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Aussies, Kiwis in the dark over IPL team bans

The Australians and New Zealand players and officials caught up in Chennai and Rajasthan suspensions

Former New Zealand captain Stephen Fleming hopes he and affected players will be looked after following the two-year suspension handed to two Indian Premier League teams.

Fleming is long-standing coach of the Chennai Super Kings, one of two teams banned from the lucrative Twenty20 league after their owners were found guilty of betting on games.

Australians Steve Smith, Shane Watson, James Faulkner and Ben Cutting were contracted to Rajasthan Royals this year, as was South Australia quick Kane Richardson who pulled out before the tournament started, alongside New Zealand seamer Tim Southee.

Sydney Thunder captain and former Australian Test star Mike Hussey had rejoined the Chennai Super Kings this year alongside Western Australia quick Andrew Tye and New Zealand's captain Brendon McCullum and pace bowler Matt Henry.

Chennai Super Kings - and Melbourne Stars - coach Stephen Fleming // BCCI

Fleming is concerned the two teams will go the same way as three other teams who have been booted out of the competition for breaching IPL terms – the Kochi Tuskers Korala (in 2011), Deccan Chargers (2012) and Pune Warriors (2013).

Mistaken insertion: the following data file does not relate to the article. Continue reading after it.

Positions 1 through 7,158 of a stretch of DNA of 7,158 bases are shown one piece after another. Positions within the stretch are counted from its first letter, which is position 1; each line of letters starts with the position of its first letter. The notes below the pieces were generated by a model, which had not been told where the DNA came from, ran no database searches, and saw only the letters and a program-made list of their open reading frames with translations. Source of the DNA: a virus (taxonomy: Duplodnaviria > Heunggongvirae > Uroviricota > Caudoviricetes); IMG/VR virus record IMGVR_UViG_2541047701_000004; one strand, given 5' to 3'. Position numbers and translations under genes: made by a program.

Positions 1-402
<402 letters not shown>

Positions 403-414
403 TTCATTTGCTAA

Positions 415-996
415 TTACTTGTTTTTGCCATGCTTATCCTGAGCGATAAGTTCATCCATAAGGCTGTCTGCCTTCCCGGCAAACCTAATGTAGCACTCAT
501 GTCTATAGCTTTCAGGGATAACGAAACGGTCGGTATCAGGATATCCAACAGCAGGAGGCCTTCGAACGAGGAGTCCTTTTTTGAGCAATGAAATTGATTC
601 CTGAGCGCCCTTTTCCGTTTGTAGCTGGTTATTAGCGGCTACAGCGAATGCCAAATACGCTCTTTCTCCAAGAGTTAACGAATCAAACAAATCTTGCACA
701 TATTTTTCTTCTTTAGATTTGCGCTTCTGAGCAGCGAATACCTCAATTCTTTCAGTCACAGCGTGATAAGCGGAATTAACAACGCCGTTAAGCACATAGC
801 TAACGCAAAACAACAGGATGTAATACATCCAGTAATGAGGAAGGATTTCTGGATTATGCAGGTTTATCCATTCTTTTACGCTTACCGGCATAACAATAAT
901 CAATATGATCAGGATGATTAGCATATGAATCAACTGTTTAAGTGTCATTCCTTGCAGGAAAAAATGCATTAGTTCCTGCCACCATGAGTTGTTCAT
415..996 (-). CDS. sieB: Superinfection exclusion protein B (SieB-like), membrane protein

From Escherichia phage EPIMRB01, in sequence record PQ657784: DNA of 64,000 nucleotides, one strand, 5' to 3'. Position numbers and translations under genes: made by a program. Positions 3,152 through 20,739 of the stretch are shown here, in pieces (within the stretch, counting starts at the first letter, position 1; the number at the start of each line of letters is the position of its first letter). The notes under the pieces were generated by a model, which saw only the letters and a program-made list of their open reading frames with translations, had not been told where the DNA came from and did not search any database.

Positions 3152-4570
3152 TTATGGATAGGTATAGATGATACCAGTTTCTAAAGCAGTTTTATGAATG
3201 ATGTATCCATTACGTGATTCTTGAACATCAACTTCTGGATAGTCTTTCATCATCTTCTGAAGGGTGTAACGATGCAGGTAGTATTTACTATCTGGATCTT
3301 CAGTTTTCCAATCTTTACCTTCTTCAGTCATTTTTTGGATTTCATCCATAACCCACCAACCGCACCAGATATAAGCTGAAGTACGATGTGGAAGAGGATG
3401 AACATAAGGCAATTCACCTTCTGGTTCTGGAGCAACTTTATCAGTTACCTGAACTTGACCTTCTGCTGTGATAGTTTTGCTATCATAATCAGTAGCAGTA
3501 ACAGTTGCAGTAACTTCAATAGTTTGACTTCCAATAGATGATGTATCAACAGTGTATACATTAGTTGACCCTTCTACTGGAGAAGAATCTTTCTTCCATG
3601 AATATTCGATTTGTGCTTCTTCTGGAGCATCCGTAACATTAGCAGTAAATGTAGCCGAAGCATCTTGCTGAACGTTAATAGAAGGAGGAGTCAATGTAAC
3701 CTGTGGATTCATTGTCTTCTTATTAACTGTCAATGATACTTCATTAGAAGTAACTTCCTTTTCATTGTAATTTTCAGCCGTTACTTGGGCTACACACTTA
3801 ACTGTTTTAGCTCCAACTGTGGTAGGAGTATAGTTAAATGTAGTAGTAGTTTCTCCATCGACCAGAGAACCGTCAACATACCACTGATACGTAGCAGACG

"Some players are still waiting for money so I don't think the BCCI (Indian cricket board) will let the happen again," Fleming told NewstalkZB.

"And I'd like to think that our franchise has been very good to players and wouldn't let that happen.

"What you'd like to see is the players get a fair deal, get paid for what they've done and then have an opportunity moving forward."

Fleming says the suspensions recommended by the India Supreme Court on Tuesday and swiftly acted on caught him by surprise.

He read media reports of the bans rather than be told by Super Kings management and had only had a chance to speak briefly to them since.

"No one really had any idea and I think that's why there is shock around the severity of the punishment because I don't think the franchises were preparing themselves to be suspended," he said.

"Fines were the major things they were talking about."

Australia's Test vice-captain Steve Smith, writing for cricket.com.au, said he was disappointed his franchise had been suspended and would now reconsider whether to seek a new club – and likely big-money deal – for next year's tournament.

"It was disappointing to hear about the Rajasthan Royals facing two years of being sidelined from Indian Premier League and I’m sure I’ll hear more about what’s going on there in coming weeks," Smith wrote.

"I really enjoyed my time playing with Rajasthan, it’s been a good franchise to be involved with so I’ve got some decisions to make whether I go back into the IPL auction next year or have a little period off.

"So I guess that’s a decision I’ll have to look at in the coming months.

"But I’m not going to be thinking about that right now. There’s a lot more urgent things going on, starting at Lord’s later today."

Ben Cutting reacted with incredulity on Twitter, claiming the suspension was "surely a gee up".  

Tye also was in the dark, and posted on twitter that he had "no idea at this stage" what the Chennai suspension meant for his IPL deal.

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